Opinion: Offensive efficiency
There's just too much to stop the Aggie offense
Published: Monday, October 7, 2013
Updated: Monday, October 7, 2013 23:10
Through the first part of the 2013 season, Texas A&M has made it apparent that it can practically score at will. The offense utilizes each of its assets in every way imaginable. From throwing short screen passes to deep balls down the side line, from running inside to toss sweeps to the outside, the Aggies do whatever they need to do to put points on the board.
Through its first five games, Texas A&M has yet to score under 42 points — a school record — and ranks first in the Southeastern Conference with an average of 49.2 points per game. The Aggies are averaging a total of 586 yards of total offense per game, 365 yards passing and 221 yards rushing.
The offense would not be nearly as dynamic if it were not for their redshirt sophomore and reigning Heisman Trophy winning quarterback, Johnny Manziel. Coming off a season in which he accounted for over 5,100 yards of total offense, Manziel has not slowed down on his quest through a conference known for tough defenses.
Manziel is already averaging just under 300 yards passing and over 60 yards rushing per game and has scored 17 touchdowns in 2013. Whether it is with his arm or his legs, Manziel is certainly the leader of the high-powered Aggie offense.
“[Johnny] is very efficient,” said head coach Kevin Sumlin. “There is some maturity shown on the scrambles, the ability to throw the ball away, not take big losses and take care of the football. Last year he would have just slung it up the middle of the field.”
Helping Manziel amass his statistics through the air is his talented corps of receivers who seem to get better with each passing week. This group is led by redshirt sophomore Mike Evans and junior Malcome Kennedy. Evans is among SEC leaders with an average of 138.2 receiving yards per game while Kennedy is one touchdown behind Evans for the team lead in touchdowns with four.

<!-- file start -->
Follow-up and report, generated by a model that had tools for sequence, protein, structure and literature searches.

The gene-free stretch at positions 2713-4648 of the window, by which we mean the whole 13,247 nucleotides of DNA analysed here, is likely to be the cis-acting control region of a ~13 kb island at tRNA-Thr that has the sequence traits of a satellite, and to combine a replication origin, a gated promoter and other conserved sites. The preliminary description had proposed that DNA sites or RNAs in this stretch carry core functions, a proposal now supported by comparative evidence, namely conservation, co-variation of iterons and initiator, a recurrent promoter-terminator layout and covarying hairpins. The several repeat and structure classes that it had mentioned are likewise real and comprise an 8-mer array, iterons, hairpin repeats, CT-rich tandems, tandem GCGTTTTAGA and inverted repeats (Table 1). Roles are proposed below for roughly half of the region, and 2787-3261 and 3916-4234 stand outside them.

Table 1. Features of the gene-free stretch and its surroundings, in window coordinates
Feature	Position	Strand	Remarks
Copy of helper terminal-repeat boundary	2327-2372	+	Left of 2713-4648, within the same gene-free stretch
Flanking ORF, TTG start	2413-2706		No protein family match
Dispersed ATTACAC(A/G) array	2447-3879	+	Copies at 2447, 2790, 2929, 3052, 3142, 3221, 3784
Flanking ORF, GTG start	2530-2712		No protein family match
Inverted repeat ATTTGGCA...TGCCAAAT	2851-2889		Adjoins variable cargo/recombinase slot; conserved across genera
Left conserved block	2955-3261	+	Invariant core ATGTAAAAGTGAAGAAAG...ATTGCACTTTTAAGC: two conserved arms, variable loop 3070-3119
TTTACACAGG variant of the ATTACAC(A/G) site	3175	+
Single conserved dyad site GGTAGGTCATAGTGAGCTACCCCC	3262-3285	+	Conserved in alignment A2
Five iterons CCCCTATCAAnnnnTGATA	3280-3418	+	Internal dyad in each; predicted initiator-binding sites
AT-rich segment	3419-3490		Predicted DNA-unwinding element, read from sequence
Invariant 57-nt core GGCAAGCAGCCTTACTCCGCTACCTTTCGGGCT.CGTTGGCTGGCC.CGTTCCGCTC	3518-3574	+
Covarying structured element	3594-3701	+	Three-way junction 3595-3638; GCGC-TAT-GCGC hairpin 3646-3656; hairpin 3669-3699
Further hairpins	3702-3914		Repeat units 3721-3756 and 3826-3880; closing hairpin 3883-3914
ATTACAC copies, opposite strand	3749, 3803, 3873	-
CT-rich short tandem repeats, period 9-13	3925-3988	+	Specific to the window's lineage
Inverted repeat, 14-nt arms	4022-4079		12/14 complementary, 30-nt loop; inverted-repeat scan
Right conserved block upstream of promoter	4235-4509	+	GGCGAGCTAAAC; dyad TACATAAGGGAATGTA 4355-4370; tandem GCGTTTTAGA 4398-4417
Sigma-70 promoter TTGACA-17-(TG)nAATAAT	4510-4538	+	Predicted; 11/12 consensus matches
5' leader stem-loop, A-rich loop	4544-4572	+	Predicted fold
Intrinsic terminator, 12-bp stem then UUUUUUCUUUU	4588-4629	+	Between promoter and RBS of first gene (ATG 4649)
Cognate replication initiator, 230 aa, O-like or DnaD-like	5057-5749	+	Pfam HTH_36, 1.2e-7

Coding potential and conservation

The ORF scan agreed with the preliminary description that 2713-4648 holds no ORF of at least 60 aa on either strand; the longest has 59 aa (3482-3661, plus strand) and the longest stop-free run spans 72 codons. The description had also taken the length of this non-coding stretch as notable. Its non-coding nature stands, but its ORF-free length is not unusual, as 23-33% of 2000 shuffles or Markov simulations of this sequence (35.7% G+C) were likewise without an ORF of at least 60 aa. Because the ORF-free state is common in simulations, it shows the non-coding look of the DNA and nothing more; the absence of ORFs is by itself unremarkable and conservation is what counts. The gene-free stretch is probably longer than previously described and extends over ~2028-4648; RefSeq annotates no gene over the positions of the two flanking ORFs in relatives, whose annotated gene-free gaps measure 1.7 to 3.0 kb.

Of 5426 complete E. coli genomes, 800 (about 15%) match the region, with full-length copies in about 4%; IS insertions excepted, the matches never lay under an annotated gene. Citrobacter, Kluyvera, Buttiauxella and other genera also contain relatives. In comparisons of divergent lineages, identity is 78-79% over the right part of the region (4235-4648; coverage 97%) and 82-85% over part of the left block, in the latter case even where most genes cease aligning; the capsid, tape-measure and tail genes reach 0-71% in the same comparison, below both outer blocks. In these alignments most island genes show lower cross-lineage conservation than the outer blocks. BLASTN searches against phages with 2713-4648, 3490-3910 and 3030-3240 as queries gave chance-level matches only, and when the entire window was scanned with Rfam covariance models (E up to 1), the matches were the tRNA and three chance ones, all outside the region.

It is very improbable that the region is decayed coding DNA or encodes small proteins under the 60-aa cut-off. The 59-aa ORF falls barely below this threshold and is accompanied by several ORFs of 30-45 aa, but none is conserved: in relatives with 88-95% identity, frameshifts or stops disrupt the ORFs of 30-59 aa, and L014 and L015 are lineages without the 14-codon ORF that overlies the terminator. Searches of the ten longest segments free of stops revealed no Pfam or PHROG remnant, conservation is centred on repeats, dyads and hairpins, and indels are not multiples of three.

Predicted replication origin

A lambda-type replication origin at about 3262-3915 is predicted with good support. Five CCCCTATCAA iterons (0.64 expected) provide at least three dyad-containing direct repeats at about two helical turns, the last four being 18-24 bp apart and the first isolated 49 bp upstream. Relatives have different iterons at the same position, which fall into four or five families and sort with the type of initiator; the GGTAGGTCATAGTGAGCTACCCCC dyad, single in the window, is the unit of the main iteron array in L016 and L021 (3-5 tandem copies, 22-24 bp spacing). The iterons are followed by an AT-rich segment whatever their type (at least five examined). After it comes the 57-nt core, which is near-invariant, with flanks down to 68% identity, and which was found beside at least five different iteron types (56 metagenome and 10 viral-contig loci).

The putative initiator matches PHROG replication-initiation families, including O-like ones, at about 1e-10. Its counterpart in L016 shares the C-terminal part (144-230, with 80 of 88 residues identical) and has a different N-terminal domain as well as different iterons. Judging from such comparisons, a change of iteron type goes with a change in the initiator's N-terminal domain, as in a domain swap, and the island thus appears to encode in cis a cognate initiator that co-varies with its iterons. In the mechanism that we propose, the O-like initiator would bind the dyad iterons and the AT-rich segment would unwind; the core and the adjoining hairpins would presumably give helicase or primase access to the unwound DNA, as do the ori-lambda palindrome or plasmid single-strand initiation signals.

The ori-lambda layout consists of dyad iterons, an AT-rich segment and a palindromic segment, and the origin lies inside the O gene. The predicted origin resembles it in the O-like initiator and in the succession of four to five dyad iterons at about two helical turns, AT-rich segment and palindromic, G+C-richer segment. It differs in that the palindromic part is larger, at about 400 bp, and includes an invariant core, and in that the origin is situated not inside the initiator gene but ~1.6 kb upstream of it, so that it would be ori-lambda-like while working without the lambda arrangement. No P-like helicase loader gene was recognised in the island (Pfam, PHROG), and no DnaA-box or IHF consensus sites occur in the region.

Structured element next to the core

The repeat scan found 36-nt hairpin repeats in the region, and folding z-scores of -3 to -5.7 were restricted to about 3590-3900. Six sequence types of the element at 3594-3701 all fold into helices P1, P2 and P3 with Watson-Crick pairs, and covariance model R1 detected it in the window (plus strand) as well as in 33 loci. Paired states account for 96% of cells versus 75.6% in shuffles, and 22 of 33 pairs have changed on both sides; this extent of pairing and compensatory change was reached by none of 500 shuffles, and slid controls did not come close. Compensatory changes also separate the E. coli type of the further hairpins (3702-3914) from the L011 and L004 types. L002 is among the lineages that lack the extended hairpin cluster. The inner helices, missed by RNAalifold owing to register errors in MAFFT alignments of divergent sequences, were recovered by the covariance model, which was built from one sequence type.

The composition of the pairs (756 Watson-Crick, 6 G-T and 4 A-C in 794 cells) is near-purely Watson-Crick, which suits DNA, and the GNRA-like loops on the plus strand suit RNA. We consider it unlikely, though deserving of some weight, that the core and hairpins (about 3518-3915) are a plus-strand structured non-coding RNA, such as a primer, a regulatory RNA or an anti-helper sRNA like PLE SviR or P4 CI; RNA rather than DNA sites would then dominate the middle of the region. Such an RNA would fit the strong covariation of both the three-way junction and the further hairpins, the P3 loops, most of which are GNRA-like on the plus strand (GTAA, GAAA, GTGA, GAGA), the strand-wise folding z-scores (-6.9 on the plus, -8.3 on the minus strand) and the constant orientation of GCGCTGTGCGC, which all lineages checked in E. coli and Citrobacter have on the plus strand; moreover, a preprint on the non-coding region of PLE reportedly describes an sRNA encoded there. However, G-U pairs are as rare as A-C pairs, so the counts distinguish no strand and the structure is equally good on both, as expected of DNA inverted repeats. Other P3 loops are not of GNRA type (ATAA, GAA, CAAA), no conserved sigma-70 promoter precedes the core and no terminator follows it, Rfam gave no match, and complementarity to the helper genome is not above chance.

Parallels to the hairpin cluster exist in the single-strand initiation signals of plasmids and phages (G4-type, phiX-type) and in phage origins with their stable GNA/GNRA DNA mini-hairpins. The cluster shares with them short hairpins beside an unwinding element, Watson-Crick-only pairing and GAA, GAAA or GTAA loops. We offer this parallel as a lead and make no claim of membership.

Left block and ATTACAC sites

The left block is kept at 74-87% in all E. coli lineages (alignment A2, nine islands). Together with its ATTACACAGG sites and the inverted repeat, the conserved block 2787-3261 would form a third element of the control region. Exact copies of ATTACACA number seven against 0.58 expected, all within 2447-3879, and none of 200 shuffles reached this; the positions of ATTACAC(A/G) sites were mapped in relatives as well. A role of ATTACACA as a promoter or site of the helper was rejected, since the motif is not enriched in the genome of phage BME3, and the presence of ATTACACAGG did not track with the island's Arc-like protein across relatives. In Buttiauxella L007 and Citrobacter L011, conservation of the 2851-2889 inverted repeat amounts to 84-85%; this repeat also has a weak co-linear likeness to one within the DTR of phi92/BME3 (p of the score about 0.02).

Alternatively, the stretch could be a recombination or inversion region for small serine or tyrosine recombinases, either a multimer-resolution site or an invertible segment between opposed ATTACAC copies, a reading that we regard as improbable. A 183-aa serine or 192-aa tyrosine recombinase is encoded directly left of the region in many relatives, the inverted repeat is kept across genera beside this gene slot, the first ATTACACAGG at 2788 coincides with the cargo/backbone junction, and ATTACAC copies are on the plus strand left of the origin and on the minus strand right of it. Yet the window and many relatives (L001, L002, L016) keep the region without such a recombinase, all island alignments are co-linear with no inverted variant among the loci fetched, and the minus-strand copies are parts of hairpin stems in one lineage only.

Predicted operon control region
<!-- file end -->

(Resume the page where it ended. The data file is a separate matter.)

“I think the sky’s the limit for [Evans],” said offensive coordinator Clarence McKinney. “He’s really starting to learn the position. From a talent standpoint, the talent is there. It’s just understanding the little things of playing receiver. He’s getting better each week.”
When teams do happen to shut down the passing attack, Texas A&M can always turn to its monster of a backfield. Excluding Manziel, the Aggies have four very capable running backs who cover every aspect a team needs for a rushing attack. Senior Ben Malena leads the way as the most complete back. Malena averages 60.6 rushing yards per game but can also stay in the backfield to block and even run routes and catch the ball. Malena has 10 catches for 97 yards and a touchdown coming out of the backfield this season.
Sophomore Tra Carson is just behind Malena with an average of 45.8 yards rushing per game. However, at 6 feet, 230 pounds, Carson is capable of breaking tackles and picking up short yardage when needed. The final pieces to the loaded A&M backfield are sophomores Trey and Brandon Williams, who are known for their explosive speed. Both Trey and Brandon, who are also used as kick returners, are brought into the game for screen passes and runs to the outside.
“This offense gives us the flexibility to do numerous things with the ball,” Malena said. “Especially having the quarterback that we do. With his accuracy passing the ball and the corps of running backs and receivers that we have on this offense, it gives us multiple answers to whatever a defense plays.”